371 F2d 944 Hutton Company Scow Engelbrecht v. Arrow Builders Supply Corporation Tug Chippewa II Tug Valmorac
371 F.2d 944
The HUTTON COMPANY, as owner of the SCOW R. ENGELBRECHT, Libellant-Appellee,
ARROW BUILDERS SUPPLY CORPORATION, Respondent-Appellant,
TUG CHIPPEWA II, Nassau Towing Corporation, Claimant-Respondent-Appellee,
TUG VALMORAC, Valmorac Tugboat Corp., Claimant-Respondent-Appellee.
United States Court of Appeals Second Circuit.
Argued November 17, 1966.
Decided January 30, 1967.
John C. Hart, Macklin, Hanan & McKernan, New York City, for libellant-appellee.
Hyman R. Friedman, Maley M. Cohen, E. Edan Spencer, New York City, for respondent-appellant.
John R. Hanrahan, Jr., Foley & Martin, New York City, for Tug Chippewa II and Nassau Towing Corp.
Before WATERMAN, MOORE and HAYS, Circuit Judges.
WATERMAN, Circuit Judge.
This is an appeal in the admiralty from an interlocutory decree of the United States District Court for the Southern District of New York. Following a collision between a barge and a scow on the Harlem River the libellant, Hutton Company (Hutton), owner of the scow, sued Arrow Builders Supply Corporation (Arrow) and the tugs Chippewa II and Valmorac and their owners. Arrow cross-claimed against the tugs, and, in the event the tugs were found at fault the owner of the Tug Valmorac cross-claimed against the Chippewa II. Arrow was held liable to Hutton. The tugs and their owners were absolved of any fault, and Hutton's libel against them was dismissed, as was also Arrow's cross claims against them. Arrow appeals the determination that it was wholly at fault for the collision and the determination that neither Hutton nor either of the tugs were in any degree liable therefor.1
The accident occurred in the Harlem River in front of Arrow's dock just south of the 207th Street Bridge. The river runs approximately north and south at this point and is several hundred feet wide. The bridge which rotates to permit tall vessels to navigate through it is supported by a long center abutment which extends lengthwise in the river beyond the bridge proper, thereby dividing the river into two channels or "draws." The abutment extends in front of Arrow's dock which is on the east bank of the river, and therefore is located upon the easterly channel through, or the easterly "draw" of, the bridge. The abutment is approximately 150 feet from Arrow's dock, which is the width of the easterly draw, which width would of course be narrowed by the beam of any vessel moored at Arrow's dock.
On the morning of January 22, 1962, two Hutton Company scows were moored at Arrow's dock, the William Hutton, the nearer to the bridge, and the R. Engelbrecht, southerly of the William Hutton. The scow Englebrecht, 117 feet long, had arrived at the Arrow dock in early December with a full load of brick consigned to Arrow. As of January 22 only a portion of this cargo had been discharged. On the morning of January 22 Arrow's employees planned to unload some of the brick which was on board the Englebrecht. In order to remove this brick more easily they decided to shift the Englebrecht from its position next to the dock and moor it outboard of the William Hutton where it would be more accessible to the crane used to unload the brick. The plan was to utilize the flow of the tidal current to move the Engelbrecht which had no motive power of its own. The crane was to shove the bow of the scow away from the dock while the tidal current was flowing northward and the scow would then move into position with little effort on the part of those making the move. The bargee of the Engelbrecht, an employee of Hutton, was informed of this plan and did not oppose it, he too being of the belief that the tidal current was running northerly and the proposed operation could be successfully performed.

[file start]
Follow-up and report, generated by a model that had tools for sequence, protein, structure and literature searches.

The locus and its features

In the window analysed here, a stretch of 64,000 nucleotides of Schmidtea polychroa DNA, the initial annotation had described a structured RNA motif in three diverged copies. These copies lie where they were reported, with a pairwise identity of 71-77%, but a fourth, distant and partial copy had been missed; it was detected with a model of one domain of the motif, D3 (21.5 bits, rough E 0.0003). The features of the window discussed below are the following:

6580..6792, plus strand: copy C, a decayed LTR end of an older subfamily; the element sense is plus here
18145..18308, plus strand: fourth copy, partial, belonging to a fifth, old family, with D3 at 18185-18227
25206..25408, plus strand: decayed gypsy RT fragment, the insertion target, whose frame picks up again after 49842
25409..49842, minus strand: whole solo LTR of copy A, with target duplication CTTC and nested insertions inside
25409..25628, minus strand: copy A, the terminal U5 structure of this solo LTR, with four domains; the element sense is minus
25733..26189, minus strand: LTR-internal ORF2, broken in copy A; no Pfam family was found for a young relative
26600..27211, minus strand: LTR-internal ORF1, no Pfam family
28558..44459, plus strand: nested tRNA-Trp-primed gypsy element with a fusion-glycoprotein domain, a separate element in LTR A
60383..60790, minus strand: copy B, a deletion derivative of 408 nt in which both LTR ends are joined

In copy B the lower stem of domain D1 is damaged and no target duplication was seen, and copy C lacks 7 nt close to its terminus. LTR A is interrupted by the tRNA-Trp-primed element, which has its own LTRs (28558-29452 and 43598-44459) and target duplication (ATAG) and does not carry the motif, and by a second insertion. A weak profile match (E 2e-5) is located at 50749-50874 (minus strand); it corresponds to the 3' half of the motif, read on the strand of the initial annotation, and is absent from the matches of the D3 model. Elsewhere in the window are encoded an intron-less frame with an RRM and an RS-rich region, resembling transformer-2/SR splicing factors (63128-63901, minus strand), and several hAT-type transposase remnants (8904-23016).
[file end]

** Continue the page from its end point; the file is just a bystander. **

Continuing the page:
At approximately 10:15 A.M. the lines to the bow of the Englebrecht were cast off and its bow was pushed out into the stream by the crane. Her two stern lines remained moored to the dock so the scow was not entirely adrift. Unfortunately, the Arrow employee carrying out the plan had made a serious miscalculation because the tidal current at that time was not running northerly, as was necessary to carry out the planned maneuver, but southerly. The current, instead of causing the Engelbrecht to drift northward alongside the William Hutton, caused its bow to drift southward out into the stream and the scow came to be placed broadside in the river across the easterly draw of the bridge, blocking a wide portion of it with its 117 foot length.
At the same time that Arrow's employees were shifting the Engelbrecht, the oil barge Dana Bray was being pushed up the Harlem River against the tidal current by the tug Chippewa II which was tied to the barge's starboard side and the tug Valmorac which was pushing the barge from astern. The tug Chippewa II was directing the movements of the flotilla which proceeded northward at a full speed of about 7 knots until it reached a point opposite 201st Street. There it reduced speed to 3½ knots in order to proceed past Arrow's dock and through the easterly draw of the 207th Street bridge.
It was necessary for the tugs to take the Dana Bray through the easterly draw because another flotilla, northerly of the bridge, was moving south to pass through it. An exchange of whistle signals between the tug Chippewa II, in charge of the flotilla proceeding northward, and the tug Gene Pope, in charge of the flotilla proceeding southward, had established that the two flotillas would pass port to port, the southbound one using the westerly draw and the northbound one the easterly draw.